Recharge With the Arts

The arts can provide a path to wellness.  As health and safety concerns keep us distanced from our everyday lives, arts organizations are offering their virtual audiences activities to help them recharge. After all, five months of sheltering in place can take a toll on our mental, emotional and physical wellbeing.

“In these times especially, it’s vitally important to recharge and reconnect with ourselves and others,” reads the online description for a virtual class by RiverArts titled “Mindfulness and Art.” Each of the weekly sessions begins with guided meditation and a breathing exercise before participants are led through a simple art-making activity. Classes, which take place on Tuesdays throughout August, may include activities like watercolor painting or creating sculptures with natural materials.

Weekly Zoom gatherings hosted by ART 4 WELLNESS also begin with meditation and deep breathing before the participants turn their cameras to their artwork. A DJ plays uplifting sounds while the participants create works based on a weekly theme. After, the artists share their artistic process during a networking experience. According to Luisa Baptista, who founded the group with artists Katori Walker and Evan Bishop, ART 4 WELLNESS “was birthed out of this current global pandemic as a support mechanism for artists. [Its] intention is to provide a supportive space.”

Meanwhile, as it turns out, origami is “not just a craft…it is a therapeutic exercise and a joyful meditation,” says Hammond Museum Director Lorraine Laken. The museum’s Origami Therapy class on August 11 aims to heighten participants’ senses, increase their focus and exercise their brain. Included in a list of benefits: “Folding paper correctly…builds muscle memory; memorizing the steps stimulates the brain.” The Museum also hopes to offer outdoor tai chi, a form of martial arts that focuses on meditation and movement. 

For those who say they don’t have time for self-care, White Plains Public Library hosts weekly “Lunchtime Meditation at the Library” sessions, on Wednesdays beginning in September. The midday respite begins with brief instruction, followed by meditation.  Additionally, Harrison Public Library offers “Yoga for All Ages,”  relaxing yoga sessions for the whole family each Thursday. 

Last, the Neuberger Museum of Art (The Neu) began Wellness Wednesday sessions in its gallery last year, a series that will resume in August with a focus on community and connectedness. Live Zoom sessions on August 5 and 9 will begin with a community conversation, followed by a five-minute guided meditation. Says Diana Puglisi, Curator of Education, Youth and Adult Programs at the Neu: “It was important to us to continue supporting the bodies, minds and spirits of those in our community.” Recordings will be available after the events.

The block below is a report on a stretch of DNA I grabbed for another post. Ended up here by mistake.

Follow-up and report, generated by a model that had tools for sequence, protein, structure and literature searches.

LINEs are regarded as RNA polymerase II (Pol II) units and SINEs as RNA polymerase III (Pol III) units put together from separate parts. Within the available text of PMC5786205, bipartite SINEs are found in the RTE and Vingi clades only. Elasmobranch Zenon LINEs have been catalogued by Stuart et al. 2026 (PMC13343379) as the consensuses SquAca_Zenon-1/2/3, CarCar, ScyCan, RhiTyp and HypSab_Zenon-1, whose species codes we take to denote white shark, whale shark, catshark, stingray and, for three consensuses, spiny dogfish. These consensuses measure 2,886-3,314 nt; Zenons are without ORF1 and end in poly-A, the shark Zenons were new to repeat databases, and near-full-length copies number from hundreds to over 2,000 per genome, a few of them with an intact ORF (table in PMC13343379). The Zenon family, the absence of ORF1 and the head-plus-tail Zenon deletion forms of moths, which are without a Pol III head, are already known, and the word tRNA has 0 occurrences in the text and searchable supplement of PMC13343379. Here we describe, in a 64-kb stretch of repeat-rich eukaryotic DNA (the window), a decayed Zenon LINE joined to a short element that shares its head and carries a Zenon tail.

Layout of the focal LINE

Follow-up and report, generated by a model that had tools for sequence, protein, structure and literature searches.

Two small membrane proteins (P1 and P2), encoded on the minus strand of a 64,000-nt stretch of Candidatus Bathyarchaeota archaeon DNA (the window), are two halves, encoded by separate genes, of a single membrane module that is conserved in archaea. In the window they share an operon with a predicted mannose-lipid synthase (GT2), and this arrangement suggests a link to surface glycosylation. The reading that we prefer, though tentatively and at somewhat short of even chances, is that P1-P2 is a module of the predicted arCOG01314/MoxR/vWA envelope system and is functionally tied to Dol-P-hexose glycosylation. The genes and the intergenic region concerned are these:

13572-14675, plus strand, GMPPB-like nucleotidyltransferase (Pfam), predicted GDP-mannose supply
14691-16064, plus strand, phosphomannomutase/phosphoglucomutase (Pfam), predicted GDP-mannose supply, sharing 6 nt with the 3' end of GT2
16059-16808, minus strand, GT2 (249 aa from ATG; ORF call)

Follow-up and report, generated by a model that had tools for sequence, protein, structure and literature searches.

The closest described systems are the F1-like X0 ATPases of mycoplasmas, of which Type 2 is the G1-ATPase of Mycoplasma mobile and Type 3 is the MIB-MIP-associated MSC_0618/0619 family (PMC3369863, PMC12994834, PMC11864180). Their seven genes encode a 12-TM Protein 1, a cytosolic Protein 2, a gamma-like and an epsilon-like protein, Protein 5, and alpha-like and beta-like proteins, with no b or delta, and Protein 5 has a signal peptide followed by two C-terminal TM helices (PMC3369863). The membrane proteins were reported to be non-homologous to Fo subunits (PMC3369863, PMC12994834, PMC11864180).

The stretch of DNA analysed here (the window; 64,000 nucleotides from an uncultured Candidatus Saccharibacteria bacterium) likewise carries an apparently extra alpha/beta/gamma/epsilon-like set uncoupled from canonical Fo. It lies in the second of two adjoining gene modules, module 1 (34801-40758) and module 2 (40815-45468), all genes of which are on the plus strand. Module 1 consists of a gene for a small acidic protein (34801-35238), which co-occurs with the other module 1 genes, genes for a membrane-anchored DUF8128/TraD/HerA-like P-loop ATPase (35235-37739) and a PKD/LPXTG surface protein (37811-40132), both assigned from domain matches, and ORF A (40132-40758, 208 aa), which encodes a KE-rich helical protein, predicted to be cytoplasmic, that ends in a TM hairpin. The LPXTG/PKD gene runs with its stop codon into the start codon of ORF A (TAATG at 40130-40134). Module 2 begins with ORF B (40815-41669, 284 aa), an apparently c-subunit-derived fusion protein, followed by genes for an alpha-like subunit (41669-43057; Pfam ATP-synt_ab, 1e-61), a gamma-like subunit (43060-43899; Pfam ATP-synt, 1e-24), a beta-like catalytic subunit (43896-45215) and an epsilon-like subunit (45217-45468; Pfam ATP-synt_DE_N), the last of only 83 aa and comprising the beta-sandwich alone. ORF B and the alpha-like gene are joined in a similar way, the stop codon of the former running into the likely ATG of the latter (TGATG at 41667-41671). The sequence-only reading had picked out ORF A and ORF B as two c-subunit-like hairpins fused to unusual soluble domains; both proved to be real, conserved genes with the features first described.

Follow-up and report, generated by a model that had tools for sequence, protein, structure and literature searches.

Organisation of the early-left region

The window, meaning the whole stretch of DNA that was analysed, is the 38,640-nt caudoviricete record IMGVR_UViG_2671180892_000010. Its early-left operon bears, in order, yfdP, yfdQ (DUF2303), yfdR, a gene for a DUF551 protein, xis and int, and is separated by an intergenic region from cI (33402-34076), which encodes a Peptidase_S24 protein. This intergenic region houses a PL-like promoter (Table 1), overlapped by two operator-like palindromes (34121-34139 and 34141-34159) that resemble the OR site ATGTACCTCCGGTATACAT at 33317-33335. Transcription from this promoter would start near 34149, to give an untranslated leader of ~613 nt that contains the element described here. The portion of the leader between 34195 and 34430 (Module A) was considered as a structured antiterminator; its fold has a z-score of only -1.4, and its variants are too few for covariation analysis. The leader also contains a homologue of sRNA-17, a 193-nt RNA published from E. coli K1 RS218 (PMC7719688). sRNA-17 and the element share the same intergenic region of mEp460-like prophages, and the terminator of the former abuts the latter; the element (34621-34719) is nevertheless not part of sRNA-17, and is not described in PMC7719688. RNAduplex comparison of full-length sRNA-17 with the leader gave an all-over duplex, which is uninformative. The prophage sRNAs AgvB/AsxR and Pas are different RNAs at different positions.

A version of this article first appeared in the August issue of ArtsNews, ArtsWestchester’s monthly publication. ArtsNewsis distributed throughout Westchester County. A digital copy is also available at

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About ArtsWestchester

For more than 50 years, ArtsWestchester has been the community’s connection to the arts. Founded in 1965, it is the largest private not-for-profit arts council in New York State. Its mission is to create an equitable, inclusive, vibrant and sustainable Westchester County in which the arts are integral to and integrated into every facet of life. ArtsWestchester provides programs and services that enrich the lives of everyone in Westchester County. ArtsWestchester helps fund concerts, exhibitions and plays through grants; brings artists into schools and community centers; advocates for the arts; and builds audiences through diverse marketing initiatives. In 1998, ArtsWestchester purchased the nine-story neo-classical bank building at 31 Mamaroneck Avenue which has since been transformed into a multi-use resource for artists, cultural organizations and the community. A two-story gallery is located on the first floor of ArtsWestchester’s historic building on Mamaroneck Avenue.